The Open Society and its New Enemies

We live in curious times. We are enduring a series of interconnected global crises, but seem to have lost the will to demand — or even believe in the possibility of — radical change. Banks may crash and jobs melt away, the rich can get richer and the poor poorer. Forests can burn, towns flood, and species vanish at unprecedented rates. Yet we are not demanding any real change from our governments. Why is this? Given the extensive international architecture that has already been created to deal with such issues, why are we, as a global community, seemingly unable to pull the tiller around and change course?

Public discontent is certainly snowballing as more and more people — now in industrialised countries as well as developing ones — are feeling the full force of these escalating crises and inequality. But it seems that public anger is not being translated into widespread and forceful demand for change: instead there seems to be a growing feeling of disempowerment and pessimism. Public concern about environmental threats is also at a 20-year low, even though these high-stakes threats remain very much in place.

Underpinning this is an economic zeitgeist that insists that ‘there is no alternative’ to facing up to the harsh demands imposed by economic liberalisation and globalisation, which has focused on generating an intensely competitive environment in which only the ‘fittest’ companies and countries — operating at lowest cost — can survive.

Furthermore, globalisation — a process that has been implemented quite deliberately over the last two decades — has created a seemingly inescapable economic straightjacket that now dictates most governments’ response to social and environmental issues, as well as economic ones.

A direct consequence of this economic monotheism is governments’ insistence that escalating crises can only be resolved using ‘market-friendly solutions.’ This is a recipe for disaster. It favours solutions that leverage private finance by creating profitable opportunities for business—even if these ‘solutions’ are highly risky, untested and/or very likely to have inequitable impacts.

For example, when it comes to selecting solutions to deal with climate change and biodiversity loss, ‘innovative financing mechanisms’ such as carbon trading and biodiversity offsets are currently de rigeur. Yet this move to using complex financial mechanisms that most people do not understand has created a seductive hall of mirrors disguising the fact that these mechanisms may not actually work well, or even at all. Furthermore they may be supplanting other tried and tested approaches that are known to be effective. Carbon markets remain turbulent and unpredictable. Biodiversity offsets and the new concept of ‘no net biodiversity loss’ raise the prospect of solutions that trade species and habitats off against each other, which is patently absurd.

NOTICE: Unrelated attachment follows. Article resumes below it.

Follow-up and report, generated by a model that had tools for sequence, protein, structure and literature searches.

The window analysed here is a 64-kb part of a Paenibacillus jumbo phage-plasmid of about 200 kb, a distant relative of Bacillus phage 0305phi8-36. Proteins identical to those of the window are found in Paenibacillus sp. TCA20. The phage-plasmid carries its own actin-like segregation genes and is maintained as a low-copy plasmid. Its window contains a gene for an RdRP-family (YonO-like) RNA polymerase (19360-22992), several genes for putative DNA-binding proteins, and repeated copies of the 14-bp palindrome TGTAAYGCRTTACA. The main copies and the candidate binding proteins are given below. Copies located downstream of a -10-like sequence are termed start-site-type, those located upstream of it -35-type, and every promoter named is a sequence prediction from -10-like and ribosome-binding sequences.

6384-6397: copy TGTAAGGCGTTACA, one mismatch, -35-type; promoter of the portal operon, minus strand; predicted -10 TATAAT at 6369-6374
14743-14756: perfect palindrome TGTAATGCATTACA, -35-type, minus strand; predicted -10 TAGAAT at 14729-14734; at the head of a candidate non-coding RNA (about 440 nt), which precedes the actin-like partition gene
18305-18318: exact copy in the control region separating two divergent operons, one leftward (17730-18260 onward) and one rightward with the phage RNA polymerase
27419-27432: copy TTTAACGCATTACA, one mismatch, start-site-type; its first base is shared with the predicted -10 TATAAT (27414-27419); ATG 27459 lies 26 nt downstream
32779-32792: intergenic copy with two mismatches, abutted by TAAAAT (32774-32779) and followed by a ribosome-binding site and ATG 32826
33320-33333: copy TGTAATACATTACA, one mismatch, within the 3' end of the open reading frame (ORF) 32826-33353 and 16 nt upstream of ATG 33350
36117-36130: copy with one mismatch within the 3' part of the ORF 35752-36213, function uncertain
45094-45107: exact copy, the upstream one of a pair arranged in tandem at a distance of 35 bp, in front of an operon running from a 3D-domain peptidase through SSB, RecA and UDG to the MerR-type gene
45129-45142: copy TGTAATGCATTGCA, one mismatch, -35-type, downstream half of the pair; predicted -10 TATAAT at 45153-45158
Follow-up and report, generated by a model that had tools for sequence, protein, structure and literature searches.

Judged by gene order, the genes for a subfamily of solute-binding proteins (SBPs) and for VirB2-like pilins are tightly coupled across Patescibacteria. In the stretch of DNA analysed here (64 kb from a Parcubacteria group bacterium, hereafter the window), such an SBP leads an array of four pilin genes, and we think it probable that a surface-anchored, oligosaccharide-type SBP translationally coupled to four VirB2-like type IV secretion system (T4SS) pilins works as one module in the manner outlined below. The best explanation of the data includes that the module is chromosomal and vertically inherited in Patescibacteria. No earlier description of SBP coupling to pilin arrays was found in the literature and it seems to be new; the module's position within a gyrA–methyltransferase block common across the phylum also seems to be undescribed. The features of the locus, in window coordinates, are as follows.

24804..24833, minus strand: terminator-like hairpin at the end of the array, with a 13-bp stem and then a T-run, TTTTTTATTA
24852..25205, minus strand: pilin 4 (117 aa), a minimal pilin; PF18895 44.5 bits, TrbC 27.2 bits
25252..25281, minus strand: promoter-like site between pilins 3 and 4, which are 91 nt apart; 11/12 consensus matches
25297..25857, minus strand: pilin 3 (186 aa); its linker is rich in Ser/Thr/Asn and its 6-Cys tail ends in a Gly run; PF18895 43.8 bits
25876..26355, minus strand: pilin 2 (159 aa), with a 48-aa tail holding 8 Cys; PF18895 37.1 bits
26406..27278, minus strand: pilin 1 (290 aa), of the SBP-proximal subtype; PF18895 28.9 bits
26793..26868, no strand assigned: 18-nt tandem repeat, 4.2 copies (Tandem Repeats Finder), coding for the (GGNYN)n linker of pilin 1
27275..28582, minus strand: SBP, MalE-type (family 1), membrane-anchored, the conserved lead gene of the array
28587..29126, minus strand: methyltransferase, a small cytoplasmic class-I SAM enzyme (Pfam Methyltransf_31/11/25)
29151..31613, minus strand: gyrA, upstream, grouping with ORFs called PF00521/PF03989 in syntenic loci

Similarly the stealthy rise of the bio-economy, an industrial model based on replacing fossil fuels with biomass processed with known and yet-to-be-developed biotechnologies, is likely to ramp up global landgrabbing to an unprecedented scale, with significant implications for human rights.

It is important to realise that a rigid taboo on questioning liberalisation and globalisation has been maintained within governments and intergovernmental organisations over the last twenty years. Critically, this taboo now seems to be spreading through civil society and the philanthropic community, with extremely worrying consequences for open and democratic societies. In particular, a prohibition on questioning and challenging the underlying economic drivers of social and environmental injustice and debating and creating real and effective alternatives, threatens to impinge upon civil society’s diversity and its ability to innovate, mobilise and inspire change.

In addition the rise of ‘philanthrocapitalism’ is also seeing the diversion of much needed funding into rigidly data-driven campaigns and market-friendly solutions and projects themselves (which present opportunities to regenerate revenue). This is having a profound influence on who gets funded and who doesn’t. As Michael Edwards has commented:

“Any group that speaks the language of markets will have ready access to funding despite the novelty of these ideas and the absence of any hard evidence that they produce significant systems change; while those who want to organize communities or deepen democracy will face severe restrictions despite the proven historical importance of their work…The bottom line is that support for the deeper and more transformative elements of social change is in especially short supply because the system that funds them is dangerously out of balance, despite its claims to innovation and success.”